These criticisms may have seemed valid at the time, particularly since the EV makers were experiencing deep losses. Before Li Auto’s IPO in 2020, it was RMB 4.1 billion (USD 650 million) in the red, an amount that was accumulated over the span of three years. Nio’s net loss in 2019 was nearly three times that, RMB 11.4 billion (USD 1.8 billion).

2020 was a turning point for Nio, Xpeng, and Li Auto, which all achieved positive gross profit margins for the first time. In particular, Li Auto managed to obtain a profit margin of 19.8% in Q3 2020, the highest among its peers.

The three companies recorded steady growth in their sales numbers. Xpeng delivered 263% more vehicles in 2021 compared to the year before, Nio sold 109% more vehicles year-on-year, and Li Auto’s deliveries increased by 177% in the same period.

Nio’s market cap in February was USD 38 billion, Xpeng had a USD 22 billion market cap, while Li Auto was worth USD 24 billion. By comparing those figures with SAIC Group’s USD 33 billion, Chang’an’s USD 12 billion, and Dongfeng’s USD 1.7 billion, the EV upstarts have come a long way.

​​Latecomers’ advantages

Based on local media reports in China, there were nearly 50 electric vehicle startups in 2015. Since then, most have gone out of business, and only a handful—like Nio, Li Auto, and Xpeng—are still in operation.

One of the factors differentiating those who were merely ambitious from real EV manufacturers in the making was capital, specifically large amounts of cash that were committed as long-term investments. Li Bin, Nio’s founder and CEO, used to warn new entrepreneurs that building an EV business from the ground up takes at least RMB 20 billion (USD 3.2 billion).

After observing the processes that successful EV startups went through over the past years, major automakers have prepared sizable war chests before entering this arena. SAIC Group’s IM Motors has obtained tens of billions of yuan by raising funds from investors, while Dongfeng Group announced in December that it will invest RMB 7 billion (USD 1.1 billion) for Voyah, which counts Alibaba as one of its shareholders.

These recent entrants are now part of a relatively mature market that has benefitted from favorable government policies and infrastructure buildout, such as for charging piles. They are also able to source advanced components more easily than their counterparts who were building EVs in the mid-2010s, with consumers gradually overcoming reach anxiety due to battery limitations.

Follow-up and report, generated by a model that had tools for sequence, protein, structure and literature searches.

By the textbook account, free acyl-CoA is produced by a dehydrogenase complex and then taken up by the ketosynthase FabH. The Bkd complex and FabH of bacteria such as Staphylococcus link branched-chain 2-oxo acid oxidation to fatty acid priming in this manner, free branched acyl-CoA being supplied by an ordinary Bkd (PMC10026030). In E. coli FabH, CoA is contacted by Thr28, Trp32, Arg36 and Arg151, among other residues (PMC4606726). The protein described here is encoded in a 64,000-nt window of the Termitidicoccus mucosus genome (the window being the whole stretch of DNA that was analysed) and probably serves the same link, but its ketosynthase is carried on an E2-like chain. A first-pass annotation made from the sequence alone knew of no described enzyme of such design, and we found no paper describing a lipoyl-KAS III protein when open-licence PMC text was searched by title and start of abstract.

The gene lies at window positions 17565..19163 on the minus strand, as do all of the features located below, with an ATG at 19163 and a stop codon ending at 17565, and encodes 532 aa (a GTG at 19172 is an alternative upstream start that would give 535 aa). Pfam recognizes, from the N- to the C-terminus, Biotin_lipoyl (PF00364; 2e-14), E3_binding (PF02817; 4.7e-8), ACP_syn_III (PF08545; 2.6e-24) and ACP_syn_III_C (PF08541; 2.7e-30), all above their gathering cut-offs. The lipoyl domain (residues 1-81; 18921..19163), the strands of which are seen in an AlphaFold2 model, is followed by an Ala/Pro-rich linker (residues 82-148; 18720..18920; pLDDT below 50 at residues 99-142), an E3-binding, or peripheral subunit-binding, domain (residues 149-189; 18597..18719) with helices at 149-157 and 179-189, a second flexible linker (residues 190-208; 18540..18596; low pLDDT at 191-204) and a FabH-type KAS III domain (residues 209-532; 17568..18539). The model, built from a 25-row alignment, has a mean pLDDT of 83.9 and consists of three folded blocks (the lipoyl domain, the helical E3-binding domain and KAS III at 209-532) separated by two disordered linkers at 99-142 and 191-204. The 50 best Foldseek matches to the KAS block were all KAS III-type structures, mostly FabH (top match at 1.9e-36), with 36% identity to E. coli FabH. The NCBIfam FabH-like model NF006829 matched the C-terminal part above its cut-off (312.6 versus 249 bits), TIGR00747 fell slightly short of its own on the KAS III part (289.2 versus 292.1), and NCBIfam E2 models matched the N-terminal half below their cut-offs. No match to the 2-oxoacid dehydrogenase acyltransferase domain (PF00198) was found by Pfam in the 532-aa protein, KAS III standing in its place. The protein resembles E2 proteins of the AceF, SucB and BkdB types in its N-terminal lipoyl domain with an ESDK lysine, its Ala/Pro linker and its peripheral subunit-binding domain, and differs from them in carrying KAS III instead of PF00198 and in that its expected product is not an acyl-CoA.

According to a report by the Evergrande Research Institute, the average distance that pure-electric passenger vehicles can travel on one charge has increased from 211.6 km in 2017 to 391.4 km in 2020.

At the same time, batteries are becoming cheaper. According to a survey by Bloomberg New Energy Finance, the average price of electric vehicle batteries dropped 89% from 2010 to 2019.

No longer strictly a luxury, there are now EVs made for low-end and mid-tier markets. According to data compiled by the China Passenger Car Association, 169,000 new energy vehicles were sold in November 2021—a 136.5% increase from the same month in 2020.

All of these factors, plus the existing vehicle manufacturing know-how that conventional automakers possess, made the transition to plug-in vehicles less costly. Again, this forms a contrast against the backgrounds of EV startup founders.

Li Bin, who established Nio, and Li Xiang, who formed Li Auto, both founded websites that published content about the automobile sector. He Xiaopeng, the man behind Xpeng, was a co-founder of the developer behind the UCWeb browser and served as a senior executive of Alibaba’s Mobile Business Division—neither of which were related to the auto sector.

For now, EV owners are a distinct minority in China. Plug-in vehicles only accounted for 2.1% of all cars and trucks in the country at the end of June 2021. But the many companies operating in this sector are laying the foundation for much broader adoption going forward. They are building the future of cleaner vehicle emissions.

As Li Xiang posted on WeChat, “It is absolutely a good thing to welcome new players in any sector. It helps attract public attention and elevate consumer awareness overall.”

This article first appeared on 24/7 Tech. KrASIA is authorized to translate, adapt, and publish its contents. The original text was translated and adapted by Dong Han and Julianna Wu.